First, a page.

Fracture Risk in Kidney Transplant Recipients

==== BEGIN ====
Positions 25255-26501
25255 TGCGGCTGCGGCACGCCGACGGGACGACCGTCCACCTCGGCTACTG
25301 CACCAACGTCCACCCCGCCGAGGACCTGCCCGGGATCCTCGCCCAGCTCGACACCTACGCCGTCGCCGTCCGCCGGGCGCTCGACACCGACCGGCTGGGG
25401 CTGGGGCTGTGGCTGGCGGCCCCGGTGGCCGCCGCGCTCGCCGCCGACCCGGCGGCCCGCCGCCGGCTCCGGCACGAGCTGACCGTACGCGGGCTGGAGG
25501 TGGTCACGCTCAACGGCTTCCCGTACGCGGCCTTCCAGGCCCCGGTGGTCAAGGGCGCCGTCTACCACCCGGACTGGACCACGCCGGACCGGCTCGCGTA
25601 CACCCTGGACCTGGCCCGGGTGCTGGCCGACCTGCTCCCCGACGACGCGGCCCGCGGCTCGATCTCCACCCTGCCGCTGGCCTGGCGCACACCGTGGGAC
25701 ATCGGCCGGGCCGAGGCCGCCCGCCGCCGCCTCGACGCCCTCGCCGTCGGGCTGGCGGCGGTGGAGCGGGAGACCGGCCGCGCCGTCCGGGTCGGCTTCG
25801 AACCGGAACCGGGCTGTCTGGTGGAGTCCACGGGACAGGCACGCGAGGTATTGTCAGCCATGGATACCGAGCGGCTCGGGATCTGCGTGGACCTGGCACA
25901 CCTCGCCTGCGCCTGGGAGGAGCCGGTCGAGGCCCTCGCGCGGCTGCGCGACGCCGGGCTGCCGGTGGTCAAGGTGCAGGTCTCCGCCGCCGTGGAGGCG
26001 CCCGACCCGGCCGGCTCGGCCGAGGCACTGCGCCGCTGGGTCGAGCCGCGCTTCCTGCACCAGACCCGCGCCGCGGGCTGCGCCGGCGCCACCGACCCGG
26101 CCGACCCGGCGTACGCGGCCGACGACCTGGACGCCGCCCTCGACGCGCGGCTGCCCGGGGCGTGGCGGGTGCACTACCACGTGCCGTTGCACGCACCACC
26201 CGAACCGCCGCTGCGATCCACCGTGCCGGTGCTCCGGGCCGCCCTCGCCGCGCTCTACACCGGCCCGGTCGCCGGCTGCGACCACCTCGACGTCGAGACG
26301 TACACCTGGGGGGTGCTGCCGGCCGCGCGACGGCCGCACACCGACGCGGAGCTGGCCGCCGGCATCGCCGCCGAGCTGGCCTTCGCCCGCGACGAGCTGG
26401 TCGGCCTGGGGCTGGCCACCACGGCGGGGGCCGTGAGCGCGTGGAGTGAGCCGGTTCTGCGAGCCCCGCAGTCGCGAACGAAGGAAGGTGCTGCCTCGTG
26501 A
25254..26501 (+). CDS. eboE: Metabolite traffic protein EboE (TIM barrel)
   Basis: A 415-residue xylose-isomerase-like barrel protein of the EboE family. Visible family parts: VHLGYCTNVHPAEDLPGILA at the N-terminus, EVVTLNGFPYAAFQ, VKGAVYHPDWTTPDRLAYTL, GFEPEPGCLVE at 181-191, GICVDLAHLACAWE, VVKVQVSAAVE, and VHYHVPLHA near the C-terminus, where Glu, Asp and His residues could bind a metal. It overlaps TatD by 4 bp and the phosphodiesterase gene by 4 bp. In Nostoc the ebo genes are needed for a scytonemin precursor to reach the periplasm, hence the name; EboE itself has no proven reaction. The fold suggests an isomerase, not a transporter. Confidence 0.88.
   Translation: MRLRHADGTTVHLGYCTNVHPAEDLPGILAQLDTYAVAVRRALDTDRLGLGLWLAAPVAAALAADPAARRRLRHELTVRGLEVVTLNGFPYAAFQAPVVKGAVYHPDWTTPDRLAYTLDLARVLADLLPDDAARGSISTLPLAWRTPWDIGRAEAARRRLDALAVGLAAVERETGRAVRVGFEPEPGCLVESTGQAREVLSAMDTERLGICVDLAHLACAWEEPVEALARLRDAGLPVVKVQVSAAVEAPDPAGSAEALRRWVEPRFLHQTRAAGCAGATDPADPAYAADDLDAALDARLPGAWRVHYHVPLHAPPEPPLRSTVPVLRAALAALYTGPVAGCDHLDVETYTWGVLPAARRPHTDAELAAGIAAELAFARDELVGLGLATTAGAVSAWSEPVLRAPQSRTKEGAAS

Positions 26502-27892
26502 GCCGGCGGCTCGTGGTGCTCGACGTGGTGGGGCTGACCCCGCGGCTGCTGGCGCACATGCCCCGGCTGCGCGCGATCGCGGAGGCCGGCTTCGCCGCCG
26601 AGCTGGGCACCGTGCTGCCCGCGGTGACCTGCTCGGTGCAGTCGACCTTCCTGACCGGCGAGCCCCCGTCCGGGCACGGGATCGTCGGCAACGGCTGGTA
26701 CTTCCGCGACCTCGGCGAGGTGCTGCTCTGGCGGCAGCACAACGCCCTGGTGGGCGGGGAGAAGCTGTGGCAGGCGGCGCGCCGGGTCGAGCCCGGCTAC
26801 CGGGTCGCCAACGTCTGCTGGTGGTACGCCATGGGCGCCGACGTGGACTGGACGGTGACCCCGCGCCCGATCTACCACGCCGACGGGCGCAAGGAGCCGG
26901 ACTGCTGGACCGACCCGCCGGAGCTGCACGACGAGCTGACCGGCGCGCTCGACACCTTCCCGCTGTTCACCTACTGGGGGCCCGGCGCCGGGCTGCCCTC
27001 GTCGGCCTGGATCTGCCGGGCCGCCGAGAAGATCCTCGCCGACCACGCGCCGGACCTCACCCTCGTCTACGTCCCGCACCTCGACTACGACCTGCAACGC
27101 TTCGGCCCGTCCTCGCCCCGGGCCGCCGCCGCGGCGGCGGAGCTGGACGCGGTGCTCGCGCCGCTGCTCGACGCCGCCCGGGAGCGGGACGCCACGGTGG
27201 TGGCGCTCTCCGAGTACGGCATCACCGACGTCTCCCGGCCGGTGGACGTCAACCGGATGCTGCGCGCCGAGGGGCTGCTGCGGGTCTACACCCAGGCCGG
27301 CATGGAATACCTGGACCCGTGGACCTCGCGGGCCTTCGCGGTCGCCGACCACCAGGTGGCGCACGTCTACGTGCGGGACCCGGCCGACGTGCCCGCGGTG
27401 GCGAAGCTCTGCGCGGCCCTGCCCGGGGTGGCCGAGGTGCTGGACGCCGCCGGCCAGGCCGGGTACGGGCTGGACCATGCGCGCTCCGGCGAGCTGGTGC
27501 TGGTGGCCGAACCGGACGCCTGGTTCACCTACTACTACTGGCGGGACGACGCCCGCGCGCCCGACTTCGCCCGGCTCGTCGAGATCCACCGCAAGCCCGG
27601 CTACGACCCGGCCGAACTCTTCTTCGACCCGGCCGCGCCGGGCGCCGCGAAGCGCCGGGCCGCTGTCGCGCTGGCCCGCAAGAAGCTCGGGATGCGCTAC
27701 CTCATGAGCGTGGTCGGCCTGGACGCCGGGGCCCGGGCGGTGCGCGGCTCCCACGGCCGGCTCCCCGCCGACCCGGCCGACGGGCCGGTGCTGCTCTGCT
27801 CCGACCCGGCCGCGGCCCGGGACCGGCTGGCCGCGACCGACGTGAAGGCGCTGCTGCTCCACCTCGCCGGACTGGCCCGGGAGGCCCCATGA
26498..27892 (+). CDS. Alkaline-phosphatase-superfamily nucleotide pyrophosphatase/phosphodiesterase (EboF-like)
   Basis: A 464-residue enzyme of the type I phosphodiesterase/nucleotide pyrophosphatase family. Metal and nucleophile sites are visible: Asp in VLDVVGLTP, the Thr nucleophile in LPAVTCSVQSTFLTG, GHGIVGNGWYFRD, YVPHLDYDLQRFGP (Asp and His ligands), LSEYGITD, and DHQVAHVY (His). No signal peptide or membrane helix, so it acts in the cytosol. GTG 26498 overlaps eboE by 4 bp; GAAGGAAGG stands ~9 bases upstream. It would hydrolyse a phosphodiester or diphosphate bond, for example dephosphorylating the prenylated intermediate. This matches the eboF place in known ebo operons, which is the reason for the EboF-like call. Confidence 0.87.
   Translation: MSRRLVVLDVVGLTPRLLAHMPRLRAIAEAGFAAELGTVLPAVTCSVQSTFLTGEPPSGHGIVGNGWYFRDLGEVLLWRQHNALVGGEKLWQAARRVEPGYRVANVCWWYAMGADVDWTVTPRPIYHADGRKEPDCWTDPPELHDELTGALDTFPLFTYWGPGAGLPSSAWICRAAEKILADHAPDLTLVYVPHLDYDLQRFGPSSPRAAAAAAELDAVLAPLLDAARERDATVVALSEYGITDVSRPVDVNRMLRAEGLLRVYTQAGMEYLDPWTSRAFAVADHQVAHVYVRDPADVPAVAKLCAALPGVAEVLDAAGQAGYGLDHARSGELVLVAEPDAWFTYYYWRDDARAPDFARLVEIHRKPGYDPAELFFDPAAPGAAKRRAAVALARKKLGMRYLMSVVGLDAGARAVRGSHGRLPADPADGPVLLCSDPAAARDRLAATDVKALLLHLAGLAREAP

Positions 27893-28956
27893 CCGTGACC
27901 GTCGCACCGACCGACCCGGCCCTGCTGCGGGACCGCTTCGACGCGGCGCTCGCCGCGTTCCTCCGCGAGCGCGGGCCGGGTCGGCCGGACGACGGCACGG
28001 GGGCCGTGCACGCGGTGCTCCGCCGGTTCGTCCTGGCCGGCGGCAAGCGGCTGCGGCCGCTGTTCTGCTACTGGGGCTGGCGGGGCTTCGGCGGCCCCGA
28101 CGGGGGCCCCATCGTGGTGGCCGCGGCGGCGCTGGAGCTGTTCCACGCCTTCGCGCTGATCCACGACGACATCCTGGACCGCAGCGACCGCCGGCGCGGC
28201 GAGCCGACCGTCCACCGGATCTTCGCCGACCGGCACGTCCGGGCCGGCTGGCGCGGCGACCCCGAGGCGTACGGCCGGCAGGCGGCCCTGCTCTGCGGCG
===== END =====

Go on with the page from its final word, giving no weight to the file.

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BACKGROUND: Fractures in men and women after kidney transplantation are associated with morbidity (including acute and chronic pain), mortality, and high economic costs. METHODS: We systematically reviewed cohort studies that provided estimates on incidence and risk factors for fracture in kidney transplant recipients. We abstracted data in duplicate and assessed the methodological quality of each study on a 17-point scale (17 representing the highest quality). RESULTS: We screened 2715 articles, reviewed 81, and included 10 studies totaling 262,678 recipients (study mean, 26,268 recipients; range, 61-77,430). The average follow-up ranged from 1.7 to 5.3 years. The study quality scores ranged from 8 to 13. Fracture sites varied by study resulting in a highly variable incidence rate ranging from 3.3 to 99.6 fractures per 1000 person-years. Similarly, the 5-year cumulative incidence for fracture varied ranging from 0.85% to 27%. Common factors associated with an increased fracture risk were older age, female sex, the presence of diabetes, and receipt of dialysis before transplantation. Other less common but statistically significant risk factors were a previous history of fracture and receipt of a kidney from a deceased (vs. living) donor. CONCLUSIONS: There is poor consensus on the incidence and risk factors for fractures in kidney transplant recipients. Previous studies vary substantially in quality, fracture definitions, and the characteristics of recipients studied. Future research should clarify fracture incidence and risk, which will inform the design of future prevention trials and guide prognostication.
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